Stanley Fischer to Take Over US Federal Reserve?

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Today’s Top Stories

1. Jason Koutsoukis, the reporter linked to the Zygier case, says his home was burglarized the day after contacting the alleged Mossad man. YNet writes:

The Australian reporter said that at the time, he suspected that the Israel Security Agency was behind the break-in, but stressed that those were only his suspicions and that he had no proof of any kind to that effect.

2. What’s next for Stanley Fischer, who is stepping down as governor of the Bank of Israel? Washington officials are already talking about tapping Fischer for Federal Reserve Chairman. The Washington Post explains in-depth why that scenario’s not so far-fetched.

In this post-crisis era, the job of a central banker requires someone who is simultaneously a brilliant economist, regulator, diplomat and politician. Among Fed watchers, there is quiet, off-the-record talk that that person might be Fischer.

3. Iran’s top nuke scientist, Mohsen Fakhrizadeh Mahabadi, was reportedly present for North Korea’s nuclear test. The Sunday Times writes:

He is in charge of developing a warhead small enough to fit on to one of the ballistic missiles developed by Iran from North Korean prototypes, the sources said. His trip may have been worth the risk because North Korea’s triumphant announcement of the blast hinted that it was a compact, powerful device . . .

Fakhrizadeh-Mahabadi has been identified as a “person involved in nuclear or ballistic missile activities” in UN security council documents and his assets are supposedly frozen.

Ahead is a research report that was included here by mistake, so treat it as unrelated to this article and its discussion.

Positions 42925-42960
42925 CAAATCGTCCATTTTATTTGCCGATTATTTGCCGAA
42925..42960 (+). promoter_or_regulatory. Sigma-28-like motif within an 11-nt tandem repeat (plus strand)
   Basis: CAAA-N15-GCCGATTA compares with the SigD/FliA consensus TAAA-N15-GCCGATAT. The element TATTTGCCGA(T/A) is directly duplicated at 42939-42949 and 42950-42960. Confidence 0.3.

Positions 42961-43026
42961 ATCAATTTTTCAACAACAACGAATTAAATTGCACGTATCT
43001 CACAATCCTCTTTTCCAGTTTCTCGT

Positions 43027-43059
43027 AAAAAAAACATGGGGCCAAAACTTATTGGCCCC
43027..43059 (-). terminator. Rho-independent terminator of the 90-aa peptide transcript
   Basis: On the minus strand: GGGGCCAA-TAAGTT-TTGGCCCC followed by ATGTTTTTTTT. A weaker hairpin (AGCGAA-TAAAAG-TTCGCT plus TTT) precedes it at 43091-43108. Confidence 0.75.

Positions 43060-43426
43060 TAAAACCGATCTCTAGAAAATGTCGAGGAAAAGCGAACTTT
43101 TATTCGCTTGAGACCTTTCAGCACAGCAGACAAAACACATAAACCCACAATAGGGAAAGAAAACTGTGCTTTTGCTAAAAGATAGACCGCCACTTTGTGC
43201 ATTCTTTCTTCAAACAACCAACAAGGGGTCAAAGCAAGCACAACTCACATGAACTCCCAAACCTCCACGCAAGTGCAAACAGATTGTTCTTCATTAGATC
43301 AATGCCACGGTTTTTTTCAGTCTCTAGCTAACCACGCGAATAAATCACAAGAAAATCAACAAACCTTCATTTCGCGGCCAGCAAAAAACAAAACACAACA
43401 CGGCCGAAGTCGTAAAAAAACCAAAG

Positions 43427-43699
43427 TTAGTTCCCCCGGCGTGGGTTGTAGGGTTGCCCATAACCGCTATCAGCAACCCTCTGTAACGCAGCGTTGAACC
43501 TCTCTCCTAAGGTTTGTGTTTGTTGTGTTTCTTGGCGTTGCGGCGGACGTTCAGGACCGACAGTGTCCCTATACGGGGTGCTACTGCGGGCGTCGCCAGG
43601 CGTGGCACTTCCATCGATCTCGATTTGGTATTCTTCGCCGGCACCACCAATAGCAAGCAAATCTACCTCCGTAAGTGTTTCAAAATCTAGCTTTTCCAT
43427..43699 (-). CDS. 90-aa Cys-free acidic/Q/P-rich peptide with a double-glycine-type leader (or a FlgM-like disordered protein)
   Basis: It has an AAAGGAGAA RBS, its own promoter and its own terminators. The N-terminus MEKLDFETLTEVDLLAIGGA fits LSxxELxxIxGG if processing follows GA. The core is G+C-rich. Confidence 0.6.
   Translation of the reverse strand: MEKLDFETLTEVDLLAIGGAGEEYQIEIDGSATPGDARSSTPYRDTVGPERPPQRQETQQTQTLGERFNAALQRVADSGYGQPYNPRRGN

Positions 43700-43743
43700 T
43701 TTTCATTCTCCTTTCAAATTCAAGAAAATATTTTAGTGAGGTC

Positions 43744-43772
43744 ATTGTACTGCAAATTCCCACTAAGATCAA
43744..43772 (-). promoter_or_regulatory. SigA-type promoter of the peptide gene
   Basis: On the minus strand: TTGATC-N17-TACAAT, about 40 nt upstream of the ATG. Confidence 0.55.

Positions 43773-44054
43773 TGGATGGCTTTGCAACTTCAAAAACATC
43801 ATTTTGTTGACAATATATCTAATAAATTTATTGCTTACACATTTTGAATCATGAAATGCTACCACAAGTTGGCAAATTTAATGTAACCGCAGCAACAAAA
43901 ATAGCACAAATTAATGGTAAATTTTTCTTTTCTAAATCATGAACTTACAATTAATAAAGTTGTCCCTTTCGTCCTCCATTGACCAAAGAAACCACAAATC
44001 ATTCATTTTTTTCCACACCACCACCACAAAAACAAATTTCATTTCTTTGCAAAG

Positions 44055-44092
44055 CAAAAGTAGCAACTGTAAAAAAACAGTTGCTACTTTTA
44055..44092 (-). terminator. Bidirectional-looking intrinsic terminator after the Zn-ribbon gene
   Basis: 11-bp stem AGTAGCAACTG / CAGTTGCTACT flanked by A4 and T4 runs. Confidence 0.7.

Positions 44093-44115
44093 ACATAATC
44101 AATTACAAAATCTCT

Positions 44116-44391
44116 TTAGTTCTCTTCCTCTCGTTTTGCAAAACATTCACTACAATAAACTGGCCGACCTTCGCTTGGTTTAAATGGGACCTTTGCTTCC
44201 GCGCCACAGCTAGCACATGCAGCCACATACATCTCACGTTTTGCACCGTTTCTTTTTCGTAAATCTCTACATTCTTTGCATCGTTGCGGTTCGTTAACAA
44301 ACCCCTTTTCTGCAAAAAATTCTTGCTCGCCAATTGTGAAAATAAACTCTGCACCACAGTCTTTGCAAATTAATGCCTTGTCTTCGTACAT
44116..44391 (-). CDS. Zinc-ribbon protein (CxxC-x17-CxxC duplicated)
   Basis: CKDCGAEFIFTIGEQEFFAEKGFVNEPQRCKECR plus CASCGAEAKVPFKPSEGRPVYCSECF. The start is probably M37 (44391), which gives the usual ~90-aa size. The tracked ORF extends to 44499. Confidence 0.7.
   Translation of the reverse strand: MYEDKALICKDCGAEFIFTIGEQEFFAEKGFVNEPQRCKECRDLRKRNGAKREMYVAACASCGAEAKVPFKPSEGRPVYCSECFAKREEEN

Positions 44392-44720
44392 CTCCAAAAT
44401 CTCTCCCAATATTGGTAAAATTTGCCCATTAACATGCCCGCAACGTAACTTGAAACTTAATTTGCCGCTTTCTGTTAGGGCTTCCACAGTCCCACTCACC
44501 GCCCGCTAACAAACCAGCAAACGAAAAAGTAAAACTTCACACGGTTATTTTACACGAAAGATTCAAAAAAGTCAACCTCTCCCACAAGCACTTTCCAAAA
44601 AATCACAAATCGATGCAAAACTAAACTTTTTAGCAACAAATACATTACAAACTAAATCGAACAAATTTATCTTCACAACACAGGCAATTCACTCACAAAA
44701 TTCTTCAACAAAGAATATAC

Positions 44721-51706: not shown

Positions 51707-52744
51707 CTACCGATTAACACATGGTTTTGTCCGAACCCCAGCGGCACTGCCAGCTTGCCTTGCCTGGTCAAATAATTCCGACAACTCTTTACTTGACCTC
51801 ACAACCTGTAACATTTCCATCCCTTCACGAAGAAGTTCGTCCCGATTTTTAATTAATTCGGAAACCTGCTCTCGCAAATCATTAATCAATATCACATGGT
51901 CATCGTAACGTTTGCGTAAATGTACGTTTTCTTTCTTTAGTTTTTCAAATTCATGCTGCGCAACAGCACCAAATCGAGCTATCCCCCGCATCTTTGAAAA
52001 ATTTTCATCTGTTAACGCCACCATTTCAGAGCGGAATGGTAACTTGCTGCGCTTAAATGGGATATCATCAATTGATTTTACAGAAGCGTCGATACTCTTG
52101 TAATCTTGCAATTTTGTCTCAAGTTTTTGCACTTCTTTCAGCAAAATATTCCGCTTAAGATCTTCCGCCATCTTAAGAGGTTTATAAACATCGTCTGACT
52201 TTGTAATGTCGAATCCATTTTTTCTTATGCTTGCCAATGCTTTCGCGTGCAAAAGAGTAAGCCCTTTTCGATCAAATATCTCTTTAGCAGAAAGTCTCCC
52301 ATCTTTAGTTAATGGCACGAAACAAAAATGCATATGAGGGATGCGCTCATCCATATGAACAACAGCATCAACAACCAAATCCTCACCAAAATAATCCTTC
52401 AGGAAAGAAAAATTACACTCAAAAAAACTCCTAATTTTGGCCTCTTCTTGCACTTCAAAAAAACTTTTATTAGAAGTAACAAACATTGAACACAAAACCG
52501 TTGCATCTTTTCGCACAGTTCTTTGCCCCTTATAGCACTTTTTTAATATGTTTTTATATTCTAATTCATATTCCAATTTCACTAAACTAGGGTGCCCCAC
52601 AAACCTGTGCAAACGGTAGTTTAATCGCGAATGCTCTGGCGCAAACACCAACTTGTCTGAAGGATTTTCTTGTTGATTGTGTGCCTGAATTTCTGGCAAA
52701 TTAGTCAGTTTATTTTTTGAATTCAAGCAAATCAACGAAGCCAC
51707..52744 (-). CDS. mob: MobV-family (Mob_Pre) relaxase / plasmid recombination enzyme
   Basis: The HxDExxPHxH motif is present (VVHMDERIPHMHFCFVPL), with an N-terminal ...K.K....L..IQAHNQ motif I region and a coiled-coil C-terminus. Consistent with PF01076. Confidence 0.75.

While we’re on the subject of Iran and North Korea being best buddies, AP notes reports that North Korea appears to be upgrading one of its rocket launching sites with Iranian help.

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HonestReporting Mission May 2013

5. Soccer Hooligans: Egypt’s Vs. Israel’s. How apt is the Washington Post’s comparison between racist Beitar Jerusalem fans and Egyptian soccer hooligans trying to topple the Morsi regime?

Prisoner X: The Facts, the Fallout

Australia to investigate Prisoner X affair, asks for Israeli answers. More at the Times of Israel.

For more commentary and analysis, see Warren Reed (former Australian intelligence officer). Weighing in on the scandal’s media aspects are the Christian Science Monitor, New Statesman, and Israeli columnists Dan Margalit, Boaz Bizmuth, and Amit Lewinthal.

Israel and the Palestinians

Maan News: Bulgaria raided a hotel hosting a visiting Hamas delegation. The Hamasniks were ordered to leave the country.

Bad boys: Israel re-arrested a few Palestinians who were released in the Gilad Shalit prisoner swap. Haaretz writes:

Since the deal that liberated Shalit was signed in October 2011, the Israel Defense Forces and the Shin Bet security service have rearrested 14 of the prisoners released in the exchange. At the time five of them had been sentenced to between 24 and 38 years in prison. Now, they are slated to complete the remainder of their sentences from 16 to 28 years.

An IDF sniper proverbially shot himself in the foot with this tasteless photo of a Palestinian child he posted on Instagram. The Times of Israel says Mor Ostrovski’s account on the photo-sharing site was closed after all the embarrassing attention.

Veronique Chemla describes the latest round of legal action between Philippe Karsenty and Charles Enderlin over the Mohammed al-Dura video. See also a video of Karsenty updating the Conference of Presidents of Major American Jewish Organizations. A verdict will be handed down on April 3, 2013.

On the next page:

  • Israel treats injured Syrians for the first time.
  • Hezbollah offers refuge to Alawite military officers. What’s in it for Hezbollah?
  • Israel finalizes plans for railway alternative to Suez Canal

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